Afghan Ministry of Justice Amends Criminal Procedure Code to Protect Women Victims of Violence
Afghanistan's Ministry of Justice (MOJ) amended a controversial provision of the draft Afghan Criminal Procedure Code - Article 26 - that would have barred relatives from testifying against each other in criminal proceedings, including in cases of domestic violence, child abuse, and sexual assault. President Hamid Karzai had earlier responded to concerns from Afghan women's organizations about this provision by refusing to sign the Code into law unless MOJ made changes to Article 26.
The Afghan Women's Network, with over one hundred women-led organizations, came out strongly against the provision, holding a press conference to broadcast their opposition to the bill, and then leading a public protest through the streets of downtown Kabul. Members of the Network highlighted how the law would effectively prevent the government from prosecuting cases of violence against women, embolden perpetrators of that violence, and essentially validate discrimination against women.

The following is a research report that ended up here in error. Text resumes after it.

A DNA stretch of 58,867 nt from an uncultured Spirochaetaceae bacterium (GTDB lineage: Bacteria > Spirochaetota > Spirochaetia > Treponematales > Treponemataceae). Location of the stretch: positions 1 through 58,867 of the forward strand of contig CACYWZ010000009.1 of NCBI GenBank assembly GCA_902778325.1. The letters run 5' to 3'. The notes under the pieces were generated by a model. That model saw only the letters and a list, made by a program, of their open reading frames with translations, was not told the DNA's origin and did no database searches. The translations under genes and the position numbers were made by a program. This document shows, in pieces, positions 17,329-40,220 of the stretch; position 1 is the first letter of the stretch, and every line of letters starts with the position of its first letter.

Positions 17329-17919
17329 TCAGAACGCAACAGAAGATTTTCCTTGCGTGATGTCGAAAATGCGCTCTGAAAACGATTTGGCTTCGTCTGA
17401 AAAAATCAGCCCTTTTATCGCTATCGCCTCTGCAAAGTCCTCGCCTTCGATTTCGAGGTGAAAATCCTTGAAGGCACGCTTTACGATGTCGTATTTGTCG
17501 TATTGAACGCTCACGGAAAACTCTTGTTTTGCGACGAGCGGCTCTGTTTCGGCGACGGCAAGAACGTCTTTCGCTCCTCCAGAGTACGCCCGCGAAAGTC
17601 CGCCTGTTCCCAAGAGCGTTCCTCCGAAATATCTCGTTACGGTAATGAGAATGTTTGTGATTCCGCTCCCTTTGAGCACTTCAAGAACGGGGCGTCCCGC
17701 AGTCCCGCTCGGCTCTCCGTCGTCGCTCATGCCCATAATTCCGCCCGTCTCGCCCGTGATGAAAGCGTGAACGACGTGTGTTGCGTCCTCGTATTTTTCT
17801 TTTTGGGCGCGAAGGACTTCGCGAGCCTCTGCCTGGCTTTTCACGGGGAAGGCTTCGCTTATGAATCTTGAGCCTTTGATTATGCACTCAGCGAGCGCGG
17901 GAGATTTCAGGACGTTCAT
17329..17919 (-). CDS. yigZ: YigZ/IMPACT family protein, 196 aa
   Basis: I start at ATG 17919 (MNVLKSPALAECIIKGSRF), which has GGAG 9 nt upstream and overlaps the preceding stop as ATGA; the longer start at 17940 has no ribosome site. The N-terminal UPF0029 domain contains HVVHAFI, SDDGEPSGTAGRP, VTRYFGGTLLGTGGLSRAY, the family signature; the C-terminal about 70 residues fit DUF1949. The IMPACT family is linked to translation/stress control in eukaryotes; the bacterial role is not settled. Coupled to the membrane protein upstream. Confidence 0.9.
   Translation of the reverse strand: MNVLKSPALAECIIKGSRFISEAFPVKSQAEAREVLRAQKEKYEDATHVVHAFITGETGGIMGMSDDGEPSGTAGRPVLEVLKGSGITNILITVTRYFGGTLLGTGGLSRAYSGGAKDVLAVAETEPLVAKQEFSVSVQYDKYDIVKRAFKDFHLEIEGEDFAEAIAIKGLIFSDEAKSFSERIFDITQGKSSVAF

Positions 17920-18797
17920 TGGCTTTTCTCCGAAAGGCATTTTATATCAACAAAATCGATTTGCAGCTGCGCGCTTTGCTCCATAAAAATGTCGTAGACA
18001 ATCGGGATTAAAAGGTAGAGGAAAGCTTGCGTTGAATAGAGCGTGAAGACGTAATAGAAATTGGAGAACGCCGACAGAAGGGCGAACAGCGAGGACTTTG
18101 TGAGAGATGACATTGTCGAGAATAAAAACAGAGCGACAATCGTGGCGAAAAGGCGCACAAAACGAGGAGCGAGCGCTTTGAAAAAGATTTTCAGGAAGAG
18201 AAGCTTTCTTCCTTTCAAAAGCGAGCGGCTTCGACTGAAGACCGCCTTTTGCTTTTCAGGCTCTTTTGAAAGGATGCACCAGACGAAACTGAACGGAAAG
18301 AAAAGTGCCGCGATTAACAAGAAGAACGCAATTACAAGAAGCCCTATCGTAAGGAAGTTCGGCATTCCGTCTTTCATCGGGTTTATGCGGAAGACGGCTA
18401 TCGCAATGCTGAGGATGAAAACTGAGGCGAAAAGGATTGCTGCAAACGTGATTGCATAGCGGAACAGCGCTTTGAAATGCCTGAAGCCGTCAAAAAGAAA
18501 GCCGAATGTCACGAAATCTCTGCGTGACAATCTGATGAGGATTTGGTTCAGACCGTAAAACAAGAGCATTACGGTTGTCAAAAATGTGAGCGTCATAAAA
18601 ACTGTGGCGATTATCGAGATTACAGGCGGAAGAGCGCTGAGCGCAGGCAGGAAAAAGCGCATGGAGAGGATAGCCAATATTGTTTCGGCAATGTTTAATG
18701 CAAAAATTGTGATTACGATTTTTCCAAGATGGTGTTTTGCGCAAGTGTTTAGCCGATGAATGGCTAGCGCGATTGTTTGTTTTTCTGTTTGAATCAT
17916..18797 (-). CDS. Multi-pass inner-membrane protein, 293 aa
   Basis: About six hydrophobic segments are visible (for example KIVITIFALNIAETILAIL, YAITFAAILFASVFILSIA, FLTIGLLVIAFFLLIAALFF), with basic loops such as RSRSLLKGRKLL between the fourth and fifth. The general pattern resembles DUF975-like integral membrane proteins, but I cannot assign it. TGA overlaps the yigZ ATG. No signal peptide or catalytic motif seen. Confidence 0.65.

This is a victory for Afghan women who have been fighting for better enforcement of laws that make violence against women a crime - including rape, domestic assault, honor killings, child marriage, and baad, the practice of resolving disputes by giving away one's daughters.
11/25/2014 Marissa Alexander Has Accepted a Plea Deal - Marissa Alexander, the woman imprisoned for firing a warning shot in the presence of her abusive husband, chose to accept a plea deal Monday with the state of Florida, pleading guilty to three felony counts of aggravated assault.
As part of the plea deal, Alexander received three years imprisonment, but she will be credited for the time she's spent behind bars. . . .
11/24/2014 The City of Louisville Has Overwhelmingly Approved a CEDAW Resolution - The city of Louisville, Kentucky approved a resolution that will use the UN Convention on the Elimination of All Forms of Discrimination Against Women (CEDAW) as a framework for all future policy aimed at ending gender-based discrimination.
Councilwoman Tina Ward-Pugh introduced the resolution, which passed overwhelmingly on November 6. . . .